Access to the full content is only available to members of institutions that have purchased access. If you belong to such an institution, please log in or find out more about how to order.


Print

Contents

Mysticism, nature of

DOI
10.4324/9780415249126-K051-1
DOI: 10.4324/9780415249126-K051-1
Version: v1,  Published online: 1998
Retrieved June 26, 2019, from https://www.rep.routledge.com/articles/thematic/mysticism-nature-of/v-1

Article Summary

Mysticism continues to elude easy definition, and its nature and significance remain the subject of intense debate. The terms ‘mystic’, ‘mystical’ and ‘mysticism’ have been used in an astonishing variety of ways by different authors in different eras.

Nevertheless, modern philosophical discussions have tended to focus on so-called ‘mystical experiences’, understood as certain states or modes of awareness, allegedly found within (and even outside) virtually all faith-traditions, and variously characterized as ‘consciousness without content’, ‘the experience of absolute oneness’, ‘union with the transcendent’, ‘immediate consciousness of the presence of God’, and so on. Philosophers are particularly interested in whether such experiences constitute a ‘way of knowing’, and whether they provide any support for either traditional religious beliefs or unusual metaphysical claims made by certain mystics (for example, that time is illusory). Some authors argue affirmatively, on the basis of an alleged ‘universal consensus among mystics’, for example, or the parallels between mystical consciousness and other modes of experience accepted as cognitive. Others, however, challenge these views, noting that mystics often appear to disagree precisely along the lines of their prior religious convictions, that mystical awareness seems capable of explanation in terms of natural causes, that mystical claims (like claims about one’s private feelings) do not admit of ordinary testing, or that the alleged ‘ineffability’ of mystical states frustrates any attempt at rational analysis.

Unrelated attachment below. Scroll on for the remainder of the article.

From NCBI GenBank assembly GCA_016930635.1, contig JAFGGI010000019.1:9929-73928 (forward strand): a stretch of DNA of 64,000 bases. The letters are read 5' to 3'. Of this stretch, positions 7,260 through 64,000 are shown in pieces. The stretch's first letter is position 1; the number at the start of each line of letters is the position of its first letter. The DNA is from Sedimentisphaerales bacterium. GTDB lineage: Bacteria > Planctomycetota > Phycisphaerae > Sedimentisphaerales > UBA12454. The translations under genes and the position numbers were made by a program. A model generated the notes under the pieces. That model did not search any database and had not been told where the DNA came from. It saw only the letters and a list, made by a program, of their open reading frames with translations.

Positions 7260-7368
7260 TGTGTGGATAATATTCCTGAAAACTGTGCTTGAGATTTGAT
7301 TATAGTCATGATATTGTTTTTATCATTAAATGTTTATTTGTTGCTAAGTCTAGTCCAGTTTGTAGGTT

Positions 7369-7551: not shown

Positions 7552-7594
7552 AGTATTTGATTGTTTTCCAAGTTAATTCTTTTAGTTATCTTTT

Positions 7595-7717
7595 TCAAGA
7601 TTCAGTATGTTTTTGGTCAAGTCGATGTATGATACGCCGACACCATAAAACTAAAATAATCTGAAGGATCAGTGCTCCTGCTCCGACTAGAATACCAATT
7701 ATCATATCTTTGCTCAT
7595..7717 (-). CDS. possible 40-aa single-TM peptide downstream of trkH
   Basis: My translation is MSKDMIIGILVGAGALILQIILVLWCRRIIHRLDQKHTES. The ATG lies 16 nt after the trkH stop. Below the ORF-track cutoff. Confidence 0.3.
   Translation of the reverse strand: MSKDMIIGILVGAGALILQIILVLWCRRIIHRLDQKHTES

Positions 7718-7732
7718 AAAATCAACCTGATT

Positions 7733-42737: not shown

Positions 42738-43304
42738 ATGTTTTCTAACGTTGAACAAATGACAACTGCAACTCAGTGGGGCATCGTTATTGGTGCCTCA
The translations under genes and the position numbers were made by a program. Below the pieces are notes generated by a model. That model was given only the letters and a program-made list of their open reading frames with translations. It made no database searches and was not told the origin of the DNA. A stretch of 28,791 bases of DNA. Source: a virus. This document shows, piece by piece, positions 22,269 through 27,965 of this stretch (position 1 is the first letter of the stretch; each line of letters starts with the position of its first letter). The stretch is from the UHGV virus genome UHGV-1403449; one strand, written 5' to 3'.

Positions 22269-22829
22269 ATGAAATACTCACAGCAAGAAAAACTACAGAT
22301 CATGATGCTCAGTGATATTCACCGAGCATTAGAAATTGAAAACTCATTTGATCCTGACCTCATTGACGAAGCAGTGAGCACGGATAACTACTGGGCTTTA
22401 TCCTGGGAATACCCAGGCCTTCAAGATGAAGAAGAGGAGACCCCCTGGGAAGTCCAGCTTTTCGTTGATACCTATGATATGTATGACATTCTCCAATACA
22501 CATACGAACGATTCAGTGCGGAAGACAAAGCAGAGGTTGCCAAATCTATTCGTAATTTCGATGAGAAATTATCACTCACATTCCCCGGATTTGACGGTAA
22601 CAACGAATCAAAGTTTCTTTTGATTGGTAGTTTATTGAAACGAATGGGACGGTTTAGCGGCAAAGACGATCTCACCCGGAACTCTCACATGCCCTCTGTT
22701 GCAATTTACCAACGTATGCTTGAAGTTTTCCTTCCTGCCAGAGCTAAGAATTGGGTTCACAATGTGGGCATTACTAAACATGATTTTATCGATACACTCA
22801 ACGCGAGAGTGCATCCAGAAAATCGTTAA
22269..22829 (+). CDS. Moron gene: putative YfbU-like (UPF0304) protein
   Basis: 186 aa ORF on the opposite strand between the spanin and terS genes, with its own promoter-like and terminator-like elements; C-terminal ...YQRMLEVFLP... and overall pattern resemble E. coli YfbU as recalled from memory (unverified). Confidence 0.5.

These concerns, then, tend to shape the kinds of questions typically addressed in contemporary philosophical discussions of mysticism, such as: What is mysticism? What are the identifying characteristics of mystical experience? Is mysticism ‘everywhere the same’, and if so, in what sense? Are there different types of mystical experience? What is the relationship between mystical awareness and its interpretation? Are mystical experiences a ‘way of knowing’? Do they involve some form of union or contact with God? Are mystical experiences ‘ineffable’ or ‘nonlogical’, and in what sense? Can drugs or other natural stimuli induce mystical experiences, and would that affect their cognitive value?

Finally, in light of the increasingly technical nature of much of the philosophical debate, in which the primary mystical sources themselves often play a relatively minor role (except as mined for brief ‘proof texts’), there have been calls for renewed attention to the larger historical, cultural and religious contexts from which mysticism and mystical literature emerge, and within which they must be interpreted.

Print
Citing this article:
Payne, Steven. Mysticism, nature of, 1998, doi:10.4324/9780415249126-K051-1. Routledge Encyclopedia of Philosophy, Taylor and Francis, https://www.rep.routledge.com/articles/thematic/mysticism-nature-of/v-1.
Copyright © 1998-2019 Routledge.

Related Searches

Topics

Religions

Related Articles